Comey's Early Clinton Draft Said She Should Face 'No Charges'

Former FBI Director James Comey, pictured here on June 8, began drafting a statement concluding the Hillary Clinton email server investigation months in advance. SAUL LOEB/AFP/Getty

Months before announcing the conclusion of the Hillary Clinton email investigation, then-FBI Director James Comey began drafting the statement he would make. On Thursday, Senator Ron Johnson, chairman of the Senate Committee on Homeland Security and Governmental Affairs, made the full draft public for the first time.

The text of the May 2, 2016 draft, with edits from a later date or dates, suggests that Comey anticipated not recommending charges against Clinton for using a personal email server while secretary of state. The FBI did not interview Clinton until July 2, 2016, and three days later, Comey gave a press conference announcing the conclusion of the investigation. Top Republicans on the Senate Judiciary Committee first indicated in August that a draft of the statement existed, and the FBI confirmed it in October.

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"I'm been trying to imagine what it would look like if I decided to do an FBI only press event to close out our work and hand the matter to DOJ," a note at the top of the draft says. "To help shape our discussions of whether that, or something different, makes sense, I have spent some time crafting what I would say, which follows."

The draft contains much of the same language that Comey would use in the July 5, 2016 press conference. As critics of Comey and Clinton have pointed out, someone with access to the draft edited the crucial line announcing the recommendation to the Justice Department. That person, reportedly FBI official Peter Strzok, changed a line saying, "There is evidence to support a conclusion that Secretary Clinton, and others, used the private email server in a manner that was grossly negligent with respect to the handling of classified information." The edited line said: "Although we did not find clear evidence that Secretary Clinton or her colleagues intended to violate laws governing the handling of classified information, there is evidence that they were extremely careless in their handling of very sensitive, highly classified information." Strzok is under review by the Justice Department inspector general for exchanging text messages critical of President Donald Trump.

Also significant is what did not change between the early draft and the final press conference. "Although there is evidence of potential violations of the statutes regarding the handling of classified information, my judgment is that no reasonable prosecutor would bring such a case," the draft said. Comey would use that exact language months later, except substituting "our judgment" for "my judgment." The draft continued, "I am completing the investigation by expressing to Justice my view that no charges are appropriate in this case." Comey would later instead say, "We are expressing to Justice our view," leaving the end of the sentence the same.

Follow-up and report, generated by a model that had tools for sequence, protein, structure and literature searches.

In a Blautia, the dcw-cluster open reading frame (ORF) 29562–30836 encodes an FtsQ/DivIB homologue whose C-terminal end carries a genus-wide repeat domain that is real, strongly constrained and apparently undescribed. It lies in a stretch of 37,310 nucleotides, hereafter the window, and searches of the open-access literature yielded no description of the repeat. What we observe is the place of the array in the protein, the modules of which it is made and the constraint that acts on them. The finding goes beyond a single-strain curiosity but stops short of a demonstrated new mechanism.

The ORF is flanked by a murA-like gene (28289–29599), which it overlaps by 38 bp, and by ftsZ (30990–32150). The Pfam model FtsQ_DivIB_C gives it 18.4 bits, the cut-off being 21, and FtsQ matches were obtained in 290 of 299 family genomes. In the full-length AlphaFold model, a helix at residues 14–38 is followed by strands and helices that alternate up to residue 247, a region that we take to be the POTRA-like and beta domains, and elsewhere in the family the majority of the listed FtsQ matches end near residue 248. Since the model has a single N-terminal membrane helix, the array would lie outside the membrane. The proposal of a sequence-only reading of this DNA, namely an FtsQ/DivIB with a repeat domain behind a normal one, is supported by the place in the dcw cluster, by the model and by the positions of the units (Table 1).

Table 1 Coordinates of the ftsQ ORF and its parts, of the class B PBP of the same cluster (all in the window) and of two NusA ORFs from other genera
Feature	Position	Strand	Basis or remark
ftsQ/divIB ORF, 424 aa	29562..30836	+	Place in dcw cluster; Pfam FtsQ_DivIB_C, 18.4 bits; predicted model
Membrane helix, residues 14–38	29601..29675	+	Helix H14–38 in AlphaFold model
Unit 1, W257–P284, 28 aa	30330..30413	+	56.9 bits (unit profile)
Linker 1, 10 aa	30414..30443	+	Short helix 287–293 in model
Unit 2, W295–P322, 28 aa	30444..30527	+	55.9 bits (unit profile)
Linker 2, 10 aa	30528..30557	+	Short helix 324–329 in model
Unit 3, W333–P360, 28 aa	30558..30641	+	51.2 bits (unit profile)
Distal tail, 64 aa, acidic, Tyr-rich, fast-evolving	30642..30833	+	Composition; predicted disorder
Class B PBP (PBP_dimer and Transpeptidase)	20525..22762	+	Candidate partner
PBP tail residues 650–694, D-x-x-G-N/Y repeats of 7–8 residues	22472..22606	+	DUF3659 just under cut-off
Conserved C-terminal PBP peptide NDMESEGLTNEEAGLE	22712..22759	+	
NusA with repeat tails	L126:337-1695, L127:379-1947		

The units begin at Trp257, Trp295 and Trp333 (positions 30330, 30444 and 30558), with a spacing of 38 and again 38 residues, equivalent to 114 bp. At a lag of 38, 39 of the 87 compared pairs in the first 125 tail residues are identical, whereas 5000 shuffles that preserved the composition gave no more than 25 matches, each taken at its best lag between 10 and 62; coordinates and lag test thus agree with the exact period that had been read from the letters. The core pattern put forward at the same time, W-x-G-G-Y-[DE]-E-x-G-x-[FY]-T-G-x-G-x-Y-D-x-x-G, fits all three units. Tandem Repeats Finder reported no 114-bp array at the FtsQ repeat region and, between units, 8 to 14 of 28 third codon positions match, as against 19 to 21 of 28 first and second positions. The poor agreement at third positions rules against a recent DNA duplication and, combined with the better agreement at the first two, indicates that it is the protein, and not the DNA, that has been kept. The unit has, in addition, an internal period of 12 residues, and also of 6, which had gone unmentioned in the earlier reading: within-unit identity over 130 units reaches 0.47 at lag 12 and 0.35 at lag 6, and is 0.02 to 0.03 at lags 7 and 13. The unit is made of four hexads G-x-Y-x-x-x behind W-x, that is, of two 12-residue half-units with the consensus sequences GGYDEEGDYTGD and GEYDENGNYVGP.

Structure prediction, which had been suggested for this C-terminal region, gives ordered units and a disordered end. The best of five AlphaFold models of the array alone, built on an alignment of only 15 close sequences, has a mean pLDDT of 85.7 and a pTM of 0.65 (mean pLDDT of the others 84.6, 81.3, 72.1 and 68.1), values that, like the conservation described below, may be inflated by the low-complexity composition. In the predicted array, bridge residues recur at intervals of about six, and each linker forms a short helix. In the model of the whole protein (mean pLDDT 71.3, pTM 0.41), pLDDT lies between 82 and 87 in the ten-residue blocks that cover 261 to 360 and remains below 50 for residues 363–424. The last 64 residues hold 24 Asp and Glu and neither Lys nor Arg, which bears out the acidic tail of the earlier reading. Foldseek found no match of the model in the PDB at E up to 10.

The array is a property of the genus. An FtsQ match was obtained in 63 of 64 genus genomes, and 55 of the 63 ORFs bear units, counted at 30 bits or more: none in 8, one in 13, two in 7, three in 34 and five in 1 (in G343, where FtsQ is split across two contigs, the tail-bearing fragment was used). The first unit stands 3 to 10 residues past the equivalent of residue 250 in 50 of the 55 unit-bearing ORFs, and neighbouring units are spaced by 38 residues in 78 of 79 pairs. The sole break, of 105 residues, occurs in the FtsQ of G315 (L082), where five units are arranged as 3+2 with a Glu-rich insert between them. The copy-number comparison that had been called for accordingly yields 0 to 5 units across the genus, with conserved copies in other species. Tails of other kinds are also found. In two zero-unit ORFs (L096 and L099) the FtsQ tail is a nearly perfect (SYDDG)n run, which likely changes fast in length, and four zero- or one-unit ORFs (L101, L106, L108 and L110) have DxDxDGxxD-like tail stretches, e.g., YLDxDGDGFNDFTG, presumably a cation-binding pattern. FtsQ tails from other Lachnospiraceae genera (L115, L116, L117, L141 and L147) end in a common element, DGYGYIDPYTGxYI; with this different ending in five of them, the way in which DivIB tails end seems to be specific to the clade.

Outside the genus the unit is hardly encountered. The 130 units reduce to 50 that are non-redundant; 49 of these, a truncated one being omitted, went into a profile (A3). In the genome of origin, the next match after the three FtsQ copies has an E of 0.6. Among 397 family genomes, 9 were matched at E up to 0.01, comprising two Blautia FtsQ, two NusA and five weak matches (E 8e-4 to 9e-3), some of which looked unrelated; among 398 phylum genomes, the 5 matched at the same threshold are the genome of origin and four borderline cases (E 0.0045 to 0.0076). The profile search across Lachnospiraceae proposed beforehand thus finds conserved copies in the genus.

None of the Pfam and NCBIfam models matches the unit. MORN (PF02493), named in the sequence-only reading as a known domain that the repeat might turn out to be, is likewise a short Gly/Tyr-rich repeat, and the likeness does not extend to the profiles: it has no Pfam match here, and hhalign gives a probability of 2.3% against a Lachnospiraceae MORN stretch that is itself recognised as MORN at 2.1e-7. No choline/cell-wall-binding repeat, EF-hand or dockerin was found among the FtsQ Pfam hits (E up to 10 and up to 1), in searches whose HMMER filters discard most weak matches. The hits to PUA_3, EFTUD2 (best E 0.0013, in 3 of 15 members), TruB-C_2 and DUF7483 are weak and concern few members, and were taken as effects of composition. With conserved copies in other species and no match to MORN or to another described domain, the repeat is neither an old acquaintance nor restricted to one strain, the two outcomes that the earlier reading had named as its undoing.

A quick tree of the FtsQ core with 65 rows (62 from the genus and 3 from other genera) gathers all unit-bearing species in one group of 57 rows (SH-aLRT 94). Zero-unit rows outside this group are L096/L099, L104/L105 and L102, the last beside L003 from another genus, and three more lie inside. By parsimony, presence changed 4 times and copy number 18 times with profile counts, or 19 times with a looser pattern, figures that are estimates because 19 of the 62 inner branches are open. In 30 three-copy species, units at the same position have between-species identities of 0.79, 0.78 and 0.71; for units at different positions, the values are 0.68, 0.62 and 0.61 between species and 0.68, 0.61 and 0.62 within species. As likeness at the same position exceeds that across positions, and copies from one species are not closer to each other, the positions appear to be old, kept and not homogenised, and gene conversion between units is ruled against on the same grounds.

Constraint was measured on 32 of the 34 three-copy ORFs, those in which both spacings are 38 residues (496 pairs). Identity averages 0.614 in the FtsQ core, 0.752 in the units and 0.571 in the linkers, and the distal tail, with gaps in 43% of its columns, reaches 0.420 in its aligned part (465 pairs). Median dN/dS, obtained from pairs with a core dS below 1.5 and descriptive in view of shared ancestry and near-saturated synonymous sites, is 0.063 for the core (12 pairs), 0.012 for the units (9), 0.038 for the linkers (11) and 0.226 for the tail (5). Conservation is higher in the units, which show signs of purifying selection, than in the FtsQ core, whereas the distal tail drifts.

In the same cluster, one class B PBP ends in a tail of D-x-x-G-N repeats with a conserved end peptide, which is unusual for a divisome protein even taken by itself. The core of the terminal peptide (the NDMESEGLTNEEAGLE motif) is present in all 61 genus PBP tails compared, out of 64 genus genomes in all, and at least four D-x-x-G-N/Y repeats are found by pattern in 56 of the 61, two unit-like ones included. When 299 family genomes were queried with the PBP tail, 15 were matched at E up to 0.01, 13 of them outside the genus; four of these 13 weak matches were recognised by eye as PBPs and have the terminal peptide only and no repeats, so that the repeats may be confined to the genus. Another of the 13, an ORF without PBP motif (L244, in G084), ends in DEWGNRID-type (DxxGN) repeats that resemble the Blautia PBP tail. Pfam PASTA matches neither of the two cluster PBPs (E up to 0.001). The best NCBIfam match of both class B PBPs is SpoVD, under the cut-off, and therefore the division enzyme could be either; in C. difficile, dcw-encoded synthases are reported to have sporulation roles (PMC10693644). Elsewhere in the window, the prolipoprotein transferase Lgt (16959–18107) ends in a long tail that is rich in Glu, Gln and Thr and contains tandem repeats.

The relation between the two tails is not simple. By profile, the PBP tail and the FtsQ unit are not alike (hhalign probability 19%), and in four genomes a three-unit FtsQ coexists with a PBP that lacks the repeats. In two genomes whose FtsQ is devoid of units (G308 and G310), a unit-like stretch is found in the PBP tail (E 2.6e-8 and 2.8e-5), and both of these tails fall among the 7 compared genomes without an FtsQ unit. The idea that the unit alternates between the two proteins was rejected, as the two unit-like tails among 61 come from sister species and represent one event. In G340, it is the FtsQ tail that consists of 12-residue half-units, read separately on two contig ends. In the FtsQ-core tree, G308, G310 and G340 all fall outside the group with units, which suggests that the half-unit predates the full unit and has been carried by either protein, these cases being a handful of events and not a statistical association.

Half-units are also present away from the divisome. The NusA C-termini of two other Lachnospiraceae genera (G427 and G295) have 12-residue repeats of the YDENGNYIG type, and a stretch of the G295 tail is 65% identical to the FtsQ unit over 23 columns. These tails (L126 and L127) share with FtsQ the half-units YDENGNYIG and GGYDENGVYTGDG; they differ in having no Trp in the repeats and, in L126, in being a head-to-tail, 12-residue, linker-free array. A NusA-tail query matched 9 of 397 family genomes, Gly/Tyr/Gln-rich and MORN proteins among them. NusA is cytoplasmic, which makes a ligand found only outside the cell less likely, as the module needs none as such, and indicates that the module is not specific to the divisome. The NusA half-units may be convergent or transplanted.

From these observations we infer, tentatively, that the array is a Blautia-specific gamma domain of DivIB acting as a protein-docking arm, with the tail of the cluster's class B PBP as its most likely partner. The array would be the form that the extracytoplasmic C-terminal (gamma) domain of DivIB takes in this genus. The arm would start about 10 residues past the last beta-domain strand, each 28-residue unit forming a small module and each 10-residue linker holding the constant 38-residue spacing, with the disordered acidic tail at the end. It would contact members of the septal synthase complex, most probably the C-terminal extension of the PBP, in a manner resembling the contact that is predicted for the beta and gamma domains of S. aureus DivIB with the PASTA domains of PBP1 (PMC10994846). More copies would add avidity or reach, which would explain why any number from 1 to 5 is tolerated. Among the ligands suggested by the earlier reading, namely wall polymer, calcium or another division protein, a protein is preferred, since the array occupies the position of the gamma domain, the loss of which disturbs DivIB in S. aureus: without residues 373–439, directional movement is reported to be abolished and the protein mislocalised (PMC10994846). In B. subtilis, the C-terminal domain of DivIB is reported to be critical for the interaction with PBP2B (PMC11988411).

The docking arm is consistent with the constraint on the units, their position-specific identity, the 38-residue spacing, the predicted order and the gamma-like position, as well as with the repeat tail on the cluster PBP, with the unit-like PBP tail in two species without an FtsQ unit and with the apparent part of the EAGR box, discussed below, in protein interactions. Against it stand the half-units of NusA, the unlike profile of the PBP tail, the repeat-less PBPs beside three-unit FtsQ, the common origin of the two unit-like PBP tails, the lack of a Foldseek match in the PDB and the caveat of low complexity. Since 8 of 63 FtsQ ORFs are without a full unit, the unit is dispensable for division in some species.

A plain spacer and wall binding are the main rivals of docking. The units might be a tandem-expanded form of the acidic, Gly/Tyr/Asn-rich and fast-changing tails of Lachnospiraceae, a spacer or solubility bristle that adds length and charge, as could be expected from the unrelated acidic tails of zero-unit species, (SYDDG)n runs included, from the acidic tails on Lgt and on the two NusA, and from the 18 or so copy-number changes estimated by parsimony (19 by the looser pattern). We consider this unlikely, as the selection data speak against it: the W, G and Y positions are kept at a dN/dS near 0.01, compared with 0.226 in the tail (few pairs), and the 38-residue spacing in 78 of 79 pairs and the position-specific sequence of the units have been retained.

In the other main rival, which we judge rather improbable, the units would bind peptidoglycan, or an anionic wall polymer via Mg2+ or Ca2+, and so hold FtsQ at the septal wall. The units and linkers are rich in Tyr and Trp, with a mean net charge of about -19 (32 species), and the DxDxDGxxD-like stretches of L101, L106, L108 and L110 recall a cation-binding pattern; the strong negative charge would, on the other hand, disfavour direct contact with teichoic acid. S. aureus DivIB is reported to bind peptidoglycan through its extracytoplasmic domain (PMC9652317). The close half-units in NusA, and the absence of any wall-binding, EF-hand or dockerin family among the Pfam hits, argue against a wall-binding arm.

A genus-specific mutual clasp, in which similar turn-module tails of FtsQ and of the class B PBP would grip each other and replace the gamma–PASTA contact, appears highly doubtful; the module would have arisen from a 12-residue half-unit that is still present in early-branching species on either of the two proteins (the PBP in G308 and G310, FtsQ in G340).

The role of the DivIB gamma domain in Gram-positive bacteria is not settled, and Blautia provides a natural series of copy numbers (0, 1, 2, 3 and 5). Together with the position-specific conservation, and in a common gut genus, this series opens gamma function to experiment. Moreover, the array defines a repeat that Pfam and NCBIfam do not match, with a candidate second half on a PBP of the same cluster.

Drafting such a statement announcing a result in advance is unusual, according to a former FBI official. "It certainly suggests that they're reaching the conclusion that she ought not to have been charged, two months beforehand," said Ron Hosko, an assistant director at the bureau until 2014, and now president of the Law Enforcement Legal Defense Fund, a nonprofit. "What seems to be, essentially, missing are just some of the details—how many of the emails contain top secret [designations], how many contain secret [designations]." He added, "You tend to reach final conclusions as the investigation is logically ended. Not months before."

But prior to Thursday's release, Matthew Miller, a former Justice Department spokesman, had defended the drafting of the statement, tweeting, "The decision is never 'made' until the end, even when there's a 99% chance it is only going to go one way."

Since around the time of the July 2016 press conference, President Donald Trump and his supporters have accused Comey and the FBI of treating Clinton too favorably—even after Clinton has blamed Comey for her losing the 2016 presidential election. The Justice Department inspector general is investigating the bureau's handling of the Clinton probe, as are multiple committees in the House of Representatives. Trump's lawyers and Republicans in Congress have called for a special counsel to look into conflicts of interest at the FBI and Justice Department.

On Friday, perhaps referring to Thursday's release of the Comey draft, Trump told reporters, "Well it's a shame what's happened with the FBI, but we're going to rebuild the FBI, it will be bigger and better than ever." He continued, "But it is very sad when you look at those documents and how they've done that is really, really disgraceful. And you have a lot of very angry people that are seeing it. It's a very sad thing to watch, I will tell you that."